What Kansas gubernatorial candidates say on senior-related issues

By The Active Age | October 1, 2022

Governor Laura Kelly and Attorney General Derek Schmidt responded to The Active Age’s gubernatorial candidate survey’s questions:

1. What do you think are the two or three issues most critical to seniors, and what do you propose to do about them?

2. What in your record suggests that you are the best candidate to serve seniors?

3. List your overall top three priorities.

4. The Kansas Silver Haired Legislature passed resolutions on these issues. Please indicate with a yes-or-no your stance on:

a. Expand Medicaid:

b. Fully fund KPERS obligations and fund cost-of-living adjustments for retirees:

c. Legalize the expanded medical use of cannabis:

d. Pass the Golden Years Homestead Property Tax Freeze Act or similar legislation:

e. Support wireless broadband access for all senior Kansans, including training for use of the internet.

Laura Kelly, 72, Topeka


Governor since 2019; Kansas State Senate 2005-2019

1.Seniors are often on a fixed income meaning they feel rising costs more than others. That’s why I’ve axed the food tax, saving families nearly $500 a year. When the legislature returns, I’ll submit a bill on day one that eliminates the food sales tax completely, immediately. We must also expand Medicaid, which would expand health care access to 150,000 Kansans and would in turn, expand access and increase affordability for Kansas seniors.

2. I cut property taxes across the board and axed the food tax to keep more money in our seniors’ pockets. I also provided more tax relief and tax credits to our disabled veterans. I’ve worked across the aisle to propose four plans to expand Medicaid during my first term as Governor. On my first day back in office, I will send to the Legislature my fifth plan to expand Medicaid and ensure that Kansas seniors have access to affordable healthcare. I’ve worked tirelessly to balance the state budget, including paying off KPERS debt.


a. Medicaid Expansion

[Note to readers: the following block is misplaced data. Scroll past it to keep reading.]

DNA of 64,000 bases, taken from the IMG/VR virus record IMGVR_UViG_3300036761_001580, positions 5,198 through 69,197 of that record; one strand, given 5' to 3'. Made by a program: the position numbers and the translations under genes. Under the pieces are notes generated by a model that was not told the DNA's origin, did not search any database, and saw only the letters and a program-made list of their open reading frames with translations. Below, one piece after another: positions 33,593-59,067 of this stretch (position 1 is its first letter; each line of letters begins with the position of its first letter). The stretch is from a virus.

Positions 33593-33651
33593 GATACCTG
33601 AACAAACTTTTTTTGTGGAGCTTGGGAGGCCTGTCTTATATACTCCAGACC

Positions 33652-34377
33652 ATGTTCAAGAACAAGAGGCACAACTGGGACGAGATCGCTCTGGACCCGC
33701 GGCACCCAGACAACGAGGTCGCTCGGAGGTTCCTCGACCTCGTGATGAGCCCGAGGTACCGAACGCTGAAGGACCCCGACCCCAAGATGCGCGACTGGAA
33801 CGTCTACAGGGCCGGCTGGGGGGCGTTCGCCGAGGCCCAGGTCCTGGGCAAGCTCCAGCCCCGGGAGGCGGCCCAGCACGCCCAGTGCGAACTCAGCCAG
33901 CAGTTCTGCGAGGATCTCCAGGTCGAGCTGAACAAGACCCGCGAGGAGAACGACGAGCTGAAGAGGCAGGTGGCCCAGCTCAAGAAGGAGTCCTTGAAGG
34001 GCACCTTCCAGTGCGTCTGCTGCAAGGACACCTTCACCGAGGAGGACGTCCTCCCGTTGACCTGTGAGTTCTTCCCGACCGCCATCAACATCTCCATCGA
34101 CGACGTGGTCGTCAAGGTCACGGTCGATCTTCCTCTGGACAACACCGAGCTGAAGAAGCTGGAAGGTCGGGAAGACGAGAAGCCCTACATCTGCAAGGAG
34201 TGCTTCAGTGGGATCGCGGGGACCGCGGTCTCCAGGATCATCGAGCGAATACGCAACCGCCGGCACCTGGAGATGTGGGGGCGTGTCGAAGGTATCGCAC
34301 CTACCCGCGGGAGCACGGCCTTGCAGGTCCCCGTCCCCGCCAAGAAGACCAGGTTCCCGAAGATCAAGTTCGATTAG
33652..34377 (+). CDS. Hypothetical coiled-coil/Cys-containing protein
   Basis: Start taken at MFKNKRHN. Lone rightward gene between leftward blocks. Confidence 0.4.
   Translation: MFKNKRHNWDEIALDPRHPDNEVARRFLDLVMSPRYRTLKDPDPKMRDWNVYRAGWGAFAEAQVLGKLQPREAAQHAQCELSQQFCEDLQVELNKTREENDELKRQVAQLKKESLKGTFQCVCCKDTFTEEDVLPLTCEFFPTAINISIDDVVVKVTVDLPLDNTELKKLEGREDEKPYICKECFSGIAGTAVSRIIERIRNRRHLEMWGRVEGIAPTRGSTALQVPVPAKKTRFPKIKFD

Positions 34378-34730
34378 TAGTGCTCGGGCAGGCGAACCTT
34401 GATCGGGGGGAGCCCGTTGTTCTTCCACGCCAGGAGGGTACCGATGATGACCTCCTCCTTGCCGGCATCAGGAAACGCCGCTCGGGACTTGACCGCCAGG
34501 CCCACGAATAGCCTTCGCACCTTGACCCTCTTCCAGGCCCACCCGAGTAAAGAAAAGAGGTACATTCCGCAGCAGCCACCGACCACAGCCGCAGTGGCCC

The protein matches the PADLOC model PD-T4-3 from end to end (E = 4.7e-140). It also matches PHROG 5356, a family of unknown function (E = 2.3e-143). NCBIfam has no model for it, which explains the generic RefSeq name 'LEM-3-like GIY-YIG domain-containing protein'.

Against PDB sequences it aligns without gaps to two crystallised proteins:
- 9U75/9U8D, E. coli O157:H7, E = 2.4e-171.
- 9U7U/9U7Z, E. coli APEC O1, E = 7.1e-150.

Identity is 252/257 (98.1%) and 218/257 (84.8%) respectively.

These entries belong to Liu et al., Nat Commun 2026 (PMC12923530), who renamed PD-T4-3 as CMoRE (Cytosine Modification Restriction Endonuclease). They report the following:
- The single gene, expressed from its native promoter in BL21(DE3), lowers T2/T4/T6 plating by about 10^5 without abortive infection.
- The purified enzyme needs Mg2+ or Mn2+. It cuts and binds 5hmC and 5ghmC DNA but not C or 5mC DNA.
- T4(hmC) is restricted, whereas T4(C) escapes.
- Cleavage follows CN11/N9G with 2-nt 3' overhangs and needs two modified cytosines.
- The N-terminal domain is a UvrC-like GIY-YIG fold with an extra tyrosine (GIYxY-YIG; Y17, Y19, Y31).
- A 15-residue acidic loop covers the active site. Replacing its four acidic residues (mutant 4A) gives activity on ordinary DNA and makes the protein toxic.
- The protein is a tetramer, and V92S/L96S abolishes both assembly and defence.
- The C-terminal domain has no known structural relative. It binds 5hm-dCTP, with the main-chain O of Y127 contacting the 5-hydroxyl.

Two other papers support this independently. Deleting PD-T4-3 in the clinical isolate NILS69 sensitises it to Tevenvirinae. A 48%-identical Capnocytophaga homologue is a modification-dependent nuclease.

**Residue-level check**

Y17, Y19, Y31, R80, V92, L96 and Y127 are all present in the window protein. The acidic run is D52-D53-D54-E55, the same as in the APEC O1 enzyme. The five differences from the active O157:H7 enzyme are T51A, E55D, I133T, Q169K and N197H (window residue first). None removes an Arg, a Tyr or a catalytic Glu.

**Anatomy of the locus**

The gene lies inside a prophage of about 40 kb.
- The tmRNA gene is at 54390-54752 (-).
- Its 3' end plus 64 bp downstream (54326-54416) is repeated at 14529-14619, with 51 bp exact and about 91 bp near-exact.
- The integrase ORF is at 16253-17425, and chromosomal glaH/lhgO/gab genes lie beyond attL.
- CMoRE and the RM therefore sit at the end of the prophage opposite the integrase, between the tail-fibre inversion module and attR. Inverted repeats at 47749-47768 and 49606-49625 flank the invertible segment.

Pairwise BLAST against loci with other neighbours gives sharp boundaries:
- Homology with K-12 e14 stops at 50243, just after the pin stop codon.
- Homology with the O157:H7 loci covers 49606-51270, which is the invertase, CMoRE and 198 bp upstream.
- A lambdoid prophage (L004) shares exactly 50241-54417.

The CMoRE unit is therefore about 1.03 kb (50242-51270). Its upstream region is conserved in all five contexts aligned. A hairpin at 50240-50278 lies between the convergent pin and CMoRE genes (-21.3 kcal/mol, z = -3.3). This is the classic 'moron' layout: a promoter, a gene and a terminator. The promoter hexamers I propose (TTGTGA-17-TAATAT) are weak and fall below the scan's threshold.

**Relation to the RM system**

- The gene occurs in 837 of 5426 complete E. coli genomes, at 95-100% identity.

b. Expand access to high-speed internet (Broadband)

c. Legalizing medical cannabis






Derek Schmidt, 54, Independence


Kansas Attorney General, 2011-present; Kansas State Senator, 2001-2011, including Senate Majority Leader, 2005-2011

1. Cost of living is critical for seniors, many of whom are living on a fixed income and are getting hit the hardest by the inflation. We have a plan to address that head on with our “retire tax free” proposal that will eliminate state income taxes on Social Security, pensions and private retirement vehicles. 

Access to health care is also more important the older you get. Seniors need access to specialists like cardiologists and oncologists. We plan to expand eligibility for medical loan repayment to more doctors, and establish a similar incentive for specialists who practice in underserved rural communities.

2.As attorney general, I’ve made stopping elder fraud and abuse one of my top priorities. I created a new division within the attorney general’s office focused on investigating and prosecuting cases of fraud and abuse, with a particular focus on those crimes that target seniors. We have worked with the Kansas Legislature and the U.S. Congress to pass laws that expanded our capacity to fight fraud and abuse. I created an Elder and Dependent Adult Abuse Prevention Council within the attorney general’s office to bring stakeholders together to coordinate statewide prevention efforts.


a.Make daily life more affordable for Kansans

b.Put parents and students first in education

c.Build safer, healthier communities in Kansas

4. a. Did not answer yes or no.

b. Did not answer yes or no.

c. Did not answer yes or no. 



Voting information

Tuesday, Oct. 18 is the last day to register to vote in the general election, which is Tuesday, Nov. 8. Those who have changed their name or address must re-register.

Kansas voters can check their registration status and find their Election Day polling site at myvoteinfo.voteks.org. On Nov. 8, polls in Sedgwick County will be open from 6 a.m. to 7 p.m., and in Harvey and Butler counties, from 7 a.m. to 7 p.m.

Advance ballots will begin being mailed Oct. 19. Application forms to request an advance ballot are in county election offices or online

In-person early voting opportunities vary in counties. In Sedgwick County, walk-in early voting will start Oct. 24 at the Election Office, 510 N. Main, Wichita, with satellite sites opening Nov. 1.

Election information can be found at sos.ks.gov; for Sedgwick County, sedgwickcounty.org/elections or by calling 316-660-7100; for Harvey County, hvcoksvote.gov or 316-284-6840; and for Butler County, bucoks.com/181/Elections or 316-322-4239.